New data released today by Strava Metro showed the number of people newly taking up cycling in the capital peaked in May, with 119 per cent year-on-year growth.
Strava Metro, a GPS app, works with Transport for London to back infrastructure projects, such as new bike lanes, using journey data from its anonymised tracker of city transport patterns.
Its research also revealed an immediate knock-on impact seen on London’s roads, with June seeing the number of cycling trips up 60 per cent on the same month in 2019, according to the app data.
Some of London’s major arterial roads, particularly those with dedicated cycle lanes, registered huge increases in June and July as Londoners used their new bikes to navigate the city.
Park Lane saw a 337 per cent increase in cycling in July than in the same month in 2019, while Euston Road saw a 70 per cent increase in bike trips in the period.
East London’s Cycle Superhighway 2, which stretches between Whitechapel to Stratford, saw a 69.5 per cent growth in the period.
However, in contrast to the situation seen in May, Strava Metro reported the number of people taking up cycling in August this year was just 47 per cent higher than numbers seen in August 2019.
The app’s director, Gareth Nettleton, insisted the figures point to the need to ensure the pandemic cycling boom does not become a “Covid related blip”, but a long-term shift.
He said: “As the capital entered lockdown, the insights showed a clear shift in behaviour as people opted for cycling and walking over other transport options. Yet, we’ve also seen that once lockdown restrictions were lifted, the dramatic increases seen in people on bikes during peak lockdown have started to fall away as the amount of vehicles on the roads started to return to pre-pandemic levels.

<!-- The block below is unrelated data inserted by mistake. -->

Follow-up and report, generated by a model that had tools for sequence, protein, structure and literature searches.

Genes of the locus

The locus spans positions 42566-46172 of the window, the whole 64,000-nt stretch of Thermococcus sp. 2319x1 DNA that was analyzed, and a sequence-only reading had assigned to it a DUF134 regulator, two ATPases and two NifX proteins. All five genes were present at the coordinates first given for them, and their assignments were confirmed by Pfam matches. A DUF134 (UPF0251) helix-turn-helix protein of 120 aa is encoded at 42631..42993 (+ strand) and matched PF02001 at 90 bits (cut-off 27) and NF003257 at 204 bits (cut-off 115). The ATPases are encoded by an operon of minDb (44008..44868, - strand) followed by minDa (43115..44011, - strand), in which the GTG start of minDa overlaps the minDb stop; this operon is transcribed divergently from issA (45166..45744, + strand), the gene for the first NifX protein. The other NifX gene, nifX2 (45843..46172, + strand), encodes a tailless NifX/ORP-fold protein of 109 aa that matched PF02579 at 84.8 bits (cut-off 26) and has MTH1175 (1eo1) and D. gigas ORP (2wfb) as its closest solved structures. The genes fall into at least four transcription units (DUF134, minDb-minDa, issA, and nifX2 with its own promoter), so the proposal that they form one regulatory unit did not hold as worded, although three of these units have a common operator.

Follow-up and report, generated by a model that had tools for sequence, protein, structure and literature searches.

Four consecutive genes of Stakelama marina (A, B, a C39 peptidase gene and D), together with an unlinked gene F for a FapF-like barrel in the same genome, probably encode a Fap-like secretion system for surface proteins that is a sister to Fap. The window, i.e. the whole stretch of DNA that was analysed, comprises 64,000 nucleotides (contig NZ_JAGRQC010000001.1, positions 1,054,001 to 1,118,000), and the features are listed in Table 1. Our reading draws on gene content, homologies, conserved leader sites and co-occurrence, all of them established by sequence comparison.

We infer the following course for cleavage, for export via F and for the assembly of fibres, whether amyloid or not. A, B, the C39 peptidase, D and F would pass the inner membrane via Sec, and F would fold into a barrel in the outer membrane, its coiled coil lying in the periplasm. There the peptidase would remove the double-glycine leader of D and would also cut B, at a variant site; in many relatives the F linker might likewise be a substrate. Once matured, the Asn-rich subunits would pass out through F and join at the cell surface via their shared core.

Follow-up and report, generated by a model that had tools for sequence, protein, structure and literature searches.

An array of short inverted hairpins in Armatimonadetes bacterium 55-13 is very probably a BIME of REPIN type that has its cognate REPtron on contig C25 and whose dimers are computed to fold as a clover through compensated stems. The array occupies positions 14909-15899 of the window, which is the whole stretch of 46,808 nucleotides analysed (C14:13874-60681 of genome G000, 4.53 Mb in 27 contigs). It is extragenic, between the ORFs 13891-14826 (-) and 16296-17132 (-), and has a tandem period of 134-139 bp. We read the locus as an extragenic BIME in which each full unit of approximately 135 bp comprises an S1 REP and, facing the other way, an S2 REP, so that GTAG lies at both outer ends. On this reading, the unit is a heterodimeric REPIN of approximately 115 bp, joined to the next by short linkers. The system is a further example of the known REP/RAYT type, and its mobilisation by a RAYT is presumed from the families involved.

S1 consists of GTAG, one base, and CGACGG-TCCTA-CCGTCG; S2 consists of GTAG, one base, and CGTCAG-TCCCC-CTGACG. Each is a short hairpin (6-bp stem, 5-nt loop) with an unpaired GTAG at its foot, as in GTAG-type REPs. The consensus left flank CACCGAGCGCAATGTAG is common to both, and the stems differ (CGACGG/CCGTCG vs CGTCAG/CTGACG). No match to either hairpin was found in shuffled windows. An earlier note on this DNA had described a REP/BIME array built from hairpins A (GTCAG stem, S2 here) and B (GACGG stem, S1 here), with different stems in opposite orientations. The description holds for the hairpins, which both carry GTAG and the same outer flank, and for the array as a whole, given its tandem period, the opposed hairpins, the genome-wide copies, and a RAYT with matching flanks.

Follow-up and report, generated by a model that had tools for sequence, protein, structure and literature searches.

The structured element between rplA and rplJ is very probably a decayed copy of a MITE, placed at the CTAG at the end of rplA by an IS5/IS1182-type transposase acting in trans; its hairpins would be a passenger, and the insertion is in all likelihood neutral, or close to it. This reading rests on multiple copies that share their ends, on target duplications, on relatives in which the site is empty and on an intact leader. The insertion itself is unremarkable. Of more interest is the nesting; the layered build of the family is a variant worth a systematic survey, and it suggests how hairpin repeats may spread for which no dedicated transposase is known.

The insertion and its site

“When roads become busier with vehicles, we know individuals cycling feel less safe, and if we’re to encourage and harness the trend we’ve seen in the adoption for cycling, we must ensure that our cities are well equipped for it – by offering dedicated and segregated cycling infrastructure.
“With the new guidance switching back to working from home, it’s likely that we will see the cycling trend increase again. We must take advantage of this shift and attempt to turn it into long term behaviour change rather than a COVID related blip.”
Will Norman, London’s Walking and Cycling Commissioner, said: “The coronavirus pandemic has transformed how Londoners think about travel, and we’ve been working to make cycling easier and safer for all, to help avoid a damaging car-led recovery and make sure the improvements in air quality made in lockdown are not lost.
“Strava Metro has played an important part in improving how we understand and plan for cycling in London, and highlights the shift towards sustainable modes of transport.”